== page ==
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Publication numberUS4535546 A
Publication typeGrant
Application numberUS 06/583,679
Publication dateAug 20, 1985
Filing dateFeb 27, 1984
Priority dateFeb 27, 1984
Fee statusLapsed
Publication number06583679, 583679, US 4535546 A, US 4535546A, US-A-4535546, US4535546 A, US4535546A
InventorsRodney D. Smith
Original AssigneeSmith Rodney D
Export CitationBiBTeX, EndNote, RefMan
External Links: USPTO, USPTO Assignment, Espacenet
Locksmith tool apparatus for determining length of locking elements in locks
US 4535546 A
Abstract
Locksmith tool apparatus determines the length of a locking element in a lock by engaging a locking element inside a lock and by moving the element to compress a compression spring to a known minimum length and by measuring the distance moved. By subtracting the distance the element is moved from known dimensions, the length of the locking element is determined.
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Claims(18)
What is claimed is:
1. Locksmith tool apparatus usable with a lock having a key way, a tumbler pin, a driver pin, and a compression spring biasing the driver pin and the tumbler pin, comprising, in combination:
key blade means, including a key blade for insertion into the key way of the lock;
a wire having a tip movably disposed on the key blade means;
handle means secured to the key blade means;
indicator means movably disposed on the handle means and secured to the wire for moving the wire to move the tumbler pin and the driver pin to compress the compression spring to a minimum length and to measure the distance moved by the wire to move the pins and compress the compression spring.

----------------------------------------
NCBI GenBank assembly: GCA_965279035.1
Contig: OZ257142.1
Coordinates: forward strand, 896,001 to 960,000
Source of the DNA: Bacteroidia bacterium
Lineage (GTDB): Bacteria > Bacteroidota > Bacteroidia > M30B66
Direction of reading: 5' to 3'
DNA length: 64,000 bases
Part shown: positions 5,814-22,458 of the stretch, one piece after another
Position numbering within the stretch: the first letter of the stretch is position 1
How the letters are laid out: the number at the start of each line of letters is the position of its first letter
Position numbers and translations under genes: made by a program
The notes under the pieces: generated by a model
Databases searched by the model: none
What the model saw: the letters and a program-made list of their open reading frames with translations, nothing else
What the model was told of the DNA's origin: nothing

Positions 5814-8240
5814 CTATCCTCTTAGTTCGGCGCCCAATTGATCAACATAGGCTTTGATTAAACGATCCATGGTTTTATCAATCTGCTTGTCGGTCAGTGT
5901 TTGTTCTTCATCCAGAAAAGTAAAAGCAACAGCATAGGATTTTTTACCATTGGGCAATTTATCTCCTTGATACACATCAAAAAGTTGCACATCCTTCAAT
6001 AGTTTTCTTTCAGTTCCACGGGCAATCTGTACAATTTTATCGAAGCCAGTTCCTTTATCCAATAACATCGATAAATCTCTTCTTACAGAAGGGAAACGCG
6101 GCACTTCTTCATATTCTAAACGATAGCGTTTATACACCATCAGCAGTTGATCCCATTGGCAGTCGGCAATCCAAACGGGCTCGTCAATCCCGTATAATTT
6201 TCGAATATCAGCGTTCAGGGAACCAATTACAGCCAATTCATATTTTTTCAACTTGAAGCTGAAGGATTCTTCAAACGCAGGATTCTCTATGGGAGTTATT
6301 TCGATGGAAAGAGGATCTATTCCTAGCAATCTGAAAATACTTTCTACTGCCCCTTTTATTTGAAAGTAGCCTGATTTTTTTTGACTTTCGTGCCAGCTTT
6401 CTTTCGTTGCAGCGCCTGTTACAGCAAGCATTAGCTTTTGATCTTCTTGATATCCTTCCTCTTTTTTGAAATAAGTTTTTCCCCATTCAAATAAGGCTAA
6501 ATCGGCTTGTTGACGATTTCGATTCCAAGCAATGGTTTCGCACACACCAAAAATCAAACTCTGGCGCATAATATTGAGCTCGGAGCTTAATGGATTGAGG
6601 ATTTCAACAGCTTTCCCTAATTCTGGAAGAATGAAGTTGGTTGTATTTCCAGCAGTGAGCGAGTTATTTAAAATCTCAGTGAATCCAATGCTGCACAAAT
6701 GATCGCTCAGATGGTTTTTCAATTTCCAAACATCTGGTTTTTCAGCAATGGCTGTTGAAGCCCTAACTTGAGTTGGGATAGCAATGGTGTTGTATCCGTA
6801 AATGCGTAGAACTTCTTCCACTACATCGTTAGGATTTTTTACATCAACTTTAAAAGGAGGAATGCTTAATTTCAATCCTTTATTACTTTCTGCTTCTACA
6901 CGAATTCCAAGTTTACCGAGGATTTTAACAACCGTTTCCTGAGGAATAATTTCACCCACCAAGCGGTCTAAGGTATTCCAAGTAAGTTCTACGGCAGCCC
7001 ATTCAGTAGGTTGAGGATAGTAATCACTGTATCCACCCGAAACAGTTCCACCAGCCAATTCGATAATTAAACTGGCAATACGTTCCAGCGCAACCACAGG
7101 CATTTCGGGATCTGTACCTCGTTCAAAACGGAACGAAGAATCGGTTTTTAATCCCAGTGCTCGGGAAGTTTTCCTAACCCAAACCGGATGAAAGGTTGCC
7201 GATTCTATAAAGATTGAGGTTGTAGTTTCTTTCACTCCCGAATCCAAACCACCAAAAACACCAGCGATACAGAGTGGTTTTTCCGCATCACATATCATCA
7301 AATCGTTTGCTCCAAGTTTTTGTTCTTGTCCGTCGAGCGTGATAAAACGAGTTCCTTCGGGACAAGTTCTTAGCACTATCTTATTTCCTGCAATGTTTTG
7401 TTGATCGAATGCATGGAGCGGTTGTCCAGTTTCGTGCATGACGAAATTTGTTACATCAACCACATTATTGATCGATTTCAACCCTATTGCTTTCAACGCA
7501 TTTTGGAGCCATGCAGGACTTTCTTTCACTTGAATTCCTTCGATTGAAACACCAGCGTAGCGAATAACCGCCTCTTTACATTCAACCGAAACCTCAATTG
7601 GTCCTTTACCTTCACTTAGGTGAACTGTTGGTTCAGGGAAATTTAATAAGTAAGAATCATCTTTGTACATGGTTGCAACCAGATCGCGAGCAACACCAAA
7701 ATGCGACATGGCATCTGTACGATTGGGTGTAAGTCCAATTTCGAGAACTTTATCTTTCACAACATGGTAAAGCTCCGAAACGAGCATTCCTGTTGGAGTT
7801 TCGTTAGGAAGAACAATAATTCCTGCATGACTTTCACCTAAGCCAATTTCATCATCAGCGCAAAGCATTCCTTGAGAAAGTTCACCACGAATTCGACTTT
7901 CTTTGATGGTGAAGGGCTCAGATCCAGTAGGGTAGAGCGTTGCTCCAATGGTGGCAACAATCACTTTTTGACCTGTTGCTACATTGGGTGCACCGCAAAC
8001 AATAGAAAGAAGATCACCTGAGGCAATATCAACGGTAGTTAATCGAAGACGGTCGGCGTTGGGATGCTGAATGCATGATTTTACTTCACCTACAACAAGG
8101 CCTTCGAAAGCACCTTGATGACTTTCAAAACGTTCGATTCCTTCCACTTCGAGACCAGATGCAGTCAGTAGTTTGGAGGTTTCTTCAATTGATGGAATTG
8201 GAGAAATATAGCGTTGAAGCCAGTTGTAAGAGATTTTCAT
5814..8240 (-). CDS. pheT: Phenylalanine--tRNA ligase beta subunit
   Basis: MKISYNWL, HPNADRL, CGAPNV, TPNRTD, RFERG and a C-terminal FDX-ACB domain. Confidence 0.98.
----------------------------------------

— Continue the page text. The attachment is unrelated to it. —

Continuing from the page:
2. The apparatus of claim 1 in which the key blade means includes a bore in the key blade adapted to receive the wire.
3. The apparatus of claim 2 in which the handle means includes index means for positioning the bore and the wire beneath the tumbler pin when the key blade of the key blade means is inserted into the key way.
4. The apparatus of claim 3 in which the index means includes a movable blade to allow the key blade to be inserted different distances to index the wire under different tumbler pins.
5. The apparatus of claim 2 in which the key blade of the key blade means includes a top surface disposed adjacent to the tumbler pins of the lock, and the bore communicates with the top surface.
6. The apparatus of claim 5 in which the handle means includes a stop block, and the indicator means is disposed against the stop block when the tip of the wire is at the top surface of the key blade.